As this Internet of Things is becoming a real thing these days I found myself in a candy store when I’ve encountered that there are a couple of really really cheap options to get a small PCB with input/output connectors into my house WiFi network.
One of the main actors of this story is the so called ESP8266. A very small and affordable system-on-a-chip that allows you to run small code portions and connect itself to a wireless network. Even better it comes with several inputs that can be used to do all sorts of wonderful things.
And so it happened that we needed to know the weight of our cat. She seemed to get a bit chubby over time and having a point of reference weight would help to get her back in shape. If you every tried to weigh a cat you know that it’s much easier said than done.
The alternative was quickly brought up: Build a WiFi-connected scale to weigh her litter box every time she is using it. And since I’ve recently bought an evaluation ESP8266 I just had to figure out how to build a scale. Looking around the house I’ve found a broken human scale (electronics fried). Maybe it could be salvaged as a part donor?
A day later I’ve done all the reading on that there is a thing called “load-cell”. Those load cells can be bought in different shapes and sizes and – when connected to a small ADC they deliver – well – a weight value.
I cracked the human scale open and tried to see what was broken. It luckily turned out to have completely fried electronics but the load-cells where good to go.
Look at this load cell:
That brought down the part list of this project to:
an ESP8266 – an Adafruit Huzzah in my case
a HX711 ADC board to amplify and prepare the signal from the load-cells
a human scale with just enough space in the original case to fit the new electronics into and connect everything.
The HX711 board was the only thing I had to order hardware wise – delivered the next day and it was a matter of soldering things together and throwing in a small Arduino IDE sketch.
My soldering and wiring skills are really sub-par. But it worked from the get-go. I was able to set-up a small Arduino sketch and get measurements from the load-cells that seemed reasonable.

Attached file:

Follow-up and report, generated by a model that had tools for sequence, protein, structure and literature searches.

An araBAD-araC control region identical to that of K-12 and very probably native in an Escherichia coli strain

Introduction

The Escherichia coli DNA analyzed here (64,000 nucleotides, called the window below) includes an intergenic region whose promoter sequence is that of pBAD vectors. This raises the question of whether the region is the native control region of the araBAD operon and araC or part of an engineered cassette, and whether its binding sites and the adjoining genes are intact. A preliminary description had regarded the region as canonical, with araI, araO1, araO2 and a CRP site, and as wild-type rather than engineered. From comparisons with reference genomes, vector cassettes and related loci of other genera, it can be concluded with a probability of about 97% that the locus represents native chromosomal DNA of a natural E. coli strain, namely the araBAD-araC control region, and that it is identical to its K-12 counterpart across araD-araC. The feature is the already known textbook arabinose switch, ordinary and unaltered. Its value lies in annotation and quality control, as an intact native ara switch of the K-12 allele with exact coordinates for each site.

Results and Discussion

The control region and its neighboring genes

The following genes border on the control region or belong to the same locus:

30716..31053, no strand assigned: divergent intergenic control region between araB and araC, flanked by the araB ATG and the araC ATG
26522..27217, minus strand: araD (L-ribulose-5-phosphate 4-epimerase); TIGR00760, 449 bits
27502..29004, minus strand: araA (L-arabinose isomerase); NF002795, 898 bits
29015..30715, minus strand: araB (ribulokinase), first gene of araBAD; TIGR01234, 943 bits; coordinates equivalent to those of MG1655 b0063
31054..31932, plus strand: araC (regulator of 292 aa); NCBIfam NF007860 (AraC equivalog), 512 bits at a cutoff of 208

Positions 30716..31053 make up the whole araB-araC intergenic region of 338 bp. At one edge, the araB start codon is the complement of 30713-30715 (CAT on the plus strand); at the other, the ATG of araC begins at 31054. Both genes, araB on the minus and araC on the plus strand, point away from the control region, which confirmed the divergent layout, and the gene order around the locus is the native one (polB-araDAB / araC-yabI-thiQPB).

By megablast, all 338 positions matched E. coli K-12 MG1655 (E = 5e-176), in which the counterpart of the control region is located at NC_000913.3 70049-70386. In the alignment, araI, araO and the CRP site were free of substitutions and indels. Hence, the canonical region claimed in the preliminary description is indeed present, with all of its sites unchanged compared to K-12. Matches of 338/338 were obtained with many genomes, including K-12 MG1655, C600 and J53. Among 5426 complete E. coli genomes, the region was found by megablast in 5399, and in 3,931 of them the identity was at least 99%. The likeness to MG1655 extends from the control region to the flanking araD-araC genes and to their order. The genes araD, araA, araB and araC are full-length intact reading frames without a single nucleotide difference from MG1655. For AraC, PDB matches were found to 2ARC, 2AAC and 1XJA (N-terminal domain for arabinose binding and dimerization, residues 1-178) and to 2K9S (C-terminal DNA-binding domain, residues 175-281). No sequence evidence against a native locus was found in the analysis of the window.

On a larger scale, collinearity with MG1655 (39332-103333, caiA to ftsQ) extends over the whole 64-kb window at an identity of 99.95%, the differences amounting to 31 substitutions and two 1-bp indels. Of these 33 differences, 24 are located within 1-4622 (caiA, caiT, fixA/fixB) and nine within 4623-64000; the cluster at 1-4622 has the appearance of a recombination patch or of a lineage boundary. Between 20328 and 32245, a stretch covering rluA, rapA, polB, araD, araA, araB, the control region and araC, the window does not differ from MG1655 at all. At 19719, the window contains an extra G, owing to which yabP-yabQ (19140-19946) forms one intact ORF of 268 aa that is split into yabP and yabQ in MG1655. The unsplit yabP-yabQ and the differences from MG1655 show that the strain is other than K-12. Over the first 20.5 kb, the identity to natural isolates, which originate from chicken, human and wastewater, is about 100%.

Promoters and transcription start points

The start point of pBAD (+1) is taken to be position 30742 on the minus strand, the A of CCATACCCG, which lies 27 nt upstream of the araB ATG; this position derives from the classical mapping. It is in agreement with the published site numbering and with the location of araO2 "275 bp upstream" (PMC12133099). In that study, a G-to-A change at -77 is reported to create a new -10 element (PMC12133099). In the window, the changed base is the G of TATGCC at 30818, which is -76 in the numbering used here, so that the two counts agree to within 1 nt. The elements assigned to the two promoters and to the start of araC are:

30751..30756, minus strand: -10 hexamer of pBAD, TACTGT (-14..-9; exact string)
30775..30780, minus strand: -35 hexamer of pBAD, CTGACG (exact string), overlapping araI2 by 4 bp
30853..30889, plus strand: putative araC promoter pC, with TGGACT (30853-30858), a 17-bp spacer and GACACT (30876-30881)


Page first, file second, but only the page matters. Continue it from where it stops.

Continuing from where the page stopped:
Now the hardware was all done – almost too easy. The software would be the important part now. In order to create something flexible I needed to make an important decision: How would the scale tell the world about it’s findings?
Two basic options: PULL or PUSH?
Pull would mean that the ESP8266 would offer a webservice or at least web-server that exposes the measurements in one way or the other. It would mean that a client needs to poll for a new number in regular intervals.
Push would mean that the ESP8266 would connect to a server somewhere and whenever there’s a meaningful measurement done it would send that out to the server. With this option there would be another decision of which technology to use to push the data out.
Now a bit of history: At that time I was just about to re-implement the whole house home automation system I was using for the last 6 years with some more modern/interoperable technologies. For that project I’ve made the decision to have all events (actors and sensors) as well as some additional information being channeled into MQTT topics.
“MQTT1 (formerly MQ Telemetry Transport) is an ISO standard (ISO/IEC PRF 20922) publish-subscribe-based “lightweight” messaging protocol for use on top of the TCP/IP protocol. It is designed for connections with remote locations where a “small code footprint” is required or the network bandwidth is limited. The publish-subscribe messaging pattern requires a message broker. Thebroker is responsible for distributing messages to interested clients based on the topic of a message. Andy Stanford-Clark and Arlen Nipper of Cirrus Link Solutions authored the first version of the protocol in 1999.”
Something build for oil-pipelines can’t be wrong for your house – can it?
So MQTT uses the notation of a “topic” to sub-address different entities within it’s network. Think of a topic as just a simple address like “house/litterbox/weight”. And with that topic MQTT allows you to set a value as well.
The alternative to MQTT would have been things like WebSockets to push events out to clients. The decision for the home-automation was done towards MQTT and so far it seems to have been the right call. More and more products and projects available are also focussing on using MQTT as their main message transport.
For the home automation I had already set-up a demo MQTT broker in the house – and so naturally the first call for the litterbox project was to utilize that.
The folks of Adafruit provide the MQTT library with their hardware and within minutes the scale started to send it’s measurements into the “house/litterbox/weight” topic of the house MQTT broker.